A £100 million vision for an offshore wind turbine factory in Methil which was expected to bring hundreds of jobs to the area has been left in tatters amid reports that the main investor has pulled out, in the latest blow to Scotland's renewables industry.


Engineering giant Samsung Heavy Industries (SHI) is understood to have axed plans for a turbine manufacturing plant in the Fife town just three years after then First Minister Alex Salmond announced the deal - backed by £8m of Scottish Enterprise money - would create the "next generation" of offshore wind power.

In the end, the South Korean firm only created 20 research and develop jobs, and is now in talks to sell-off the 7MW turbine which it erected on the Forth in 2013.

Glasgow-based Offshore Renewable Energy (ORE) Catapult confirmed that it was in negotiation with the firm about "potentially acquiring" the giant turbine, the largest of its kind in the world, for research purposes.

In a statement, ORE Catapult said the Methil turbine "would provide UK industry and academia with unrivalled opportunity to develop a deeper understanding of operations and maintenance of offshore wind turbines and thus drive down the cost of delivering clean energy from offshore wind".

The proposed sell-off appears to signal the end of plans to build a turbine factory on vacant land nearby, scuppering the promise of 500 new jobs in one of Scotland's most deprived areas.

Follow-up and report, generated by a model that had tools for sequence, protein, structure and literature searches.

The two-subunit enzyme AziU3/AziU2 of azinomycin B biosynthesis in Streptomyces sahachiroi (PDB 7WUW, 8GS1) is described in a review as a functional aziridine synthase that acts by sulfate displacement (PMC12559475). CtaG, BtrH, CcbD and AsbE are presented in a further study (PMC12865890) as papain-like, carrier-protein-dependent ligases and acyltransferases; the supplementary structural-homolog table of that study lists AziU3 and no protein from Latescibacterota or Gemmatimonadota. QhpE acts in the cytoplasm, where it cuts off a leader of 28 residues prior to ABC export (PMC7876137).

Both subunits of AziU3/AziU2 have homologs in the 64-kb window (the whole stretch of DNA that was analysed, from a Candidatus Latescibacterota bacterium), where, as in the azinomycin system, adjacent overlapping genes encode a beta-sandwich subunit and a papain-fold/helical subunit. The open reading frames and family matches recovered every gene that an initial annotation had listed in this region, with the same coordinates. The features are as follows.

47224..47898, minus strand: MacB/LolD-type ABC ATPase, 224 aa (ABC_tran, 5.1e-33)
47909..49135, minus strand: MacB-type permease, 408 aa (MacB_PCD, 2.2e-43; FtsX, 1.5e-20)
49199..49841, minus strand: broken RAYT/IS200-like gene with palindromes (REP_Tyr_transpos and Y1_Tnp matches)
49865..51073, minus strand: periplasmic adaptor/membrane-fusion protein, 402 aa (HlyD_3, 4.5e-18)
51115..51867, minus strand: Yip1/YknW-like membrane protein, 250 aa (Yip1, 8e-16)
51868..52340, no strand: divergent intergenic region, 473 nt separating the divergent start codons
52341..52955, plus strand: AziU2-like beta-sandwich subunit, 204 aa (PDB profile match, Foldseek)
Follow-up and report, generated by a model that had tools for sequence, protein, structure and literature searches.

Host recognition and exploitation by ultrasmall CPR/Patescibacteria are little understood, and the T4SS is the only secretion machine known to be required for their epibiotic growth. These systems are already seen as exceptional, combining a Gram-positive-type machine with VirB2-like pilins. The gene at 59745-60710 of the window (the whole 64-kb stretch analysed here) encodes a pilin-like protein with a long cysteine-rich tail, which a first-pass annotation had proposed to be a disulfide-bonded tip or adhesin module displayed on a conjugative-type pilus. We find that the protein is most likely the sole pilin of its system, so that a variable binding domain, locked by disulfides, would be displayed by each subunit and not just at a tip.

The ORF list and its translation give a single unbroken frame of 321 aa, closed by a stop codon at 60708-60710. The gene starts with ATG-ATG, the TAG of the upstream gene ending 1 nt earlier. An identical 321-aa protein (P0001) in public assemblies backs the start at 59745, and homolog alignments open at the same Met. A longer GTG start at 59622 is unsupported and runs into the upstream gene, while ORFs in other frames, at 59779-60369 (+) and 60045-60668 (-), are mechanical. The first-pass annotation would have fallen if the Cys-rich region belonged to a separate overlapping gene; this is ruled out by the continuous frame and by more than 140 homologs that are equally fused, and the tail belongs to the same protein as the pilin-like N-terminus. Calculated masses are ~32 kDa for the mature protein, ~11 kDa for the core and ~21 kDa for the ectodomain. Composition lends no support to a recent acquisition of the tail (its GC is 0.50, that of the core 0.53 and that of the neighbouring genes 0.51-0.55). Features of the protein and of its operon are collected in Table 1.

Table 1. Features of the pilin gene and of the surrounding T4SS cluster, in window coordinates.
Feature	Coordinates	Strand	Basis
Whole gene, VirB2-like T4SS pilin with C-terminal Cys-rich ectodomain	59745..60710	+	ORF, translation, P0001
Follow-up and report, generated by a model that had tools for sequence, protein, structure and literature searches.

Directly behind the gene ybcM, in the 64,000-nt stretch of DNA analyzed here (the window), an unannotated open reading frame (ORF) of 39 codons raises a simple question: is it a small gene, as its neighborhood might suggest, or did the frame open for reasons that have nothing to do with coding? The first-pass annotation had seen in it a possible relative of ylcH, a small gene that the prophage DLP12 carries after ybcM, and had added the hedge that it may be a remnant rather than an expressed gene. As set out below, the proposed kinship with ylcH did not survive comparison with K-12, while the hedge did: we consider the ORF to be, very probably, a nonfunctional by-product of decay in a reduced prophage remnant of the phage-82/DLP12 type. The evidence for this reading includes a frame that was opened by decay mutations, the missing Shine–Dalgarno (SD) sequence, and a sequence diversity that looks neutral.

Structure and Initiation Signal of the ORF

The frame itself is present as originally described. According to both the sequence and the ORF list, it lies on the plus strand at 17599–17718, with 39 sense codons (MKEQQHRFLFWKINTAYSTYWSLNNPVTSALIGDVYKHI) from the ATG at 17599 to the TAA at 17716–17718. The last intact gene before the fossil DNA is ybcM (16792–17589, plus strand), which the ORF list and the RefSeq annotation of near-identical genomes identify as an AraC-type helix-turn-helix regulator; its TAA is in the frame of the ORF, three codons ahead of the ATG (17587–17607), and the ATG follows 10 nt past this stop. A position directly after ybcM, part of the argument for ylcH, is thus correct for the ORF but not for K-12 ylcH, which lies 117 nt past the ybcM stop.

The base was set to house gearbox assembly and blade manufacturing facilities as part of a multi-million pound deal Samsung signed with East Kilbride-based David Brown Gear Systems, which is now owned by Finnish renewables specialists Moventas.

Gina Hanrahan, climate and policy officer for WWF Scotland, said it would be a "great shame" if Samsung pulled out.

She said: "There's a massive potential to generate clean energy and create jobs from the off shore wind resource around Scotland's coastline. It'd therefore be a great shame indeed if Samsung Heavy Industries were to decide to pull out of the site in Methil.

"That there's been an expression of interest in acquiring the prototype offshore turbine at the site is encouraging, especially if this resulted in benefits to all those involved in the offshore wind industry."

The apparent disintegration of the scheme comes months after Edinburgh-based Pelamis Wave Power folded after failing to attract enough funding to develop its technology.

The firm entered administration in November.

A spokeswoman for Scottish Enterprise, which had backed the Methil initiative, said: "We are in active discussions with SHI and ORE Catapult with a view to ensuring a positive outcome is achieved for all parties. "Alongside our partners, we remain committed to growing the offshore wind sector through a number of key initiatives."

A spokesman for the Scottish Government added: "We understand that ORE Catapult are in advanced discussion to take ownership of the facility which will establish world-leading test facilities in Fife. The significant investment that has been made in the development of the test turbine, which has included an estimated £23m of direct investment into Scotland - benefitting a number of supply chain companies involved in the turbine's construction. We will continue dialogue with Samsung, ORE Catapult and Fife Council on the future of the site, as negotiations progress."

Samsung Heavy Industries did not respond to a request for comment.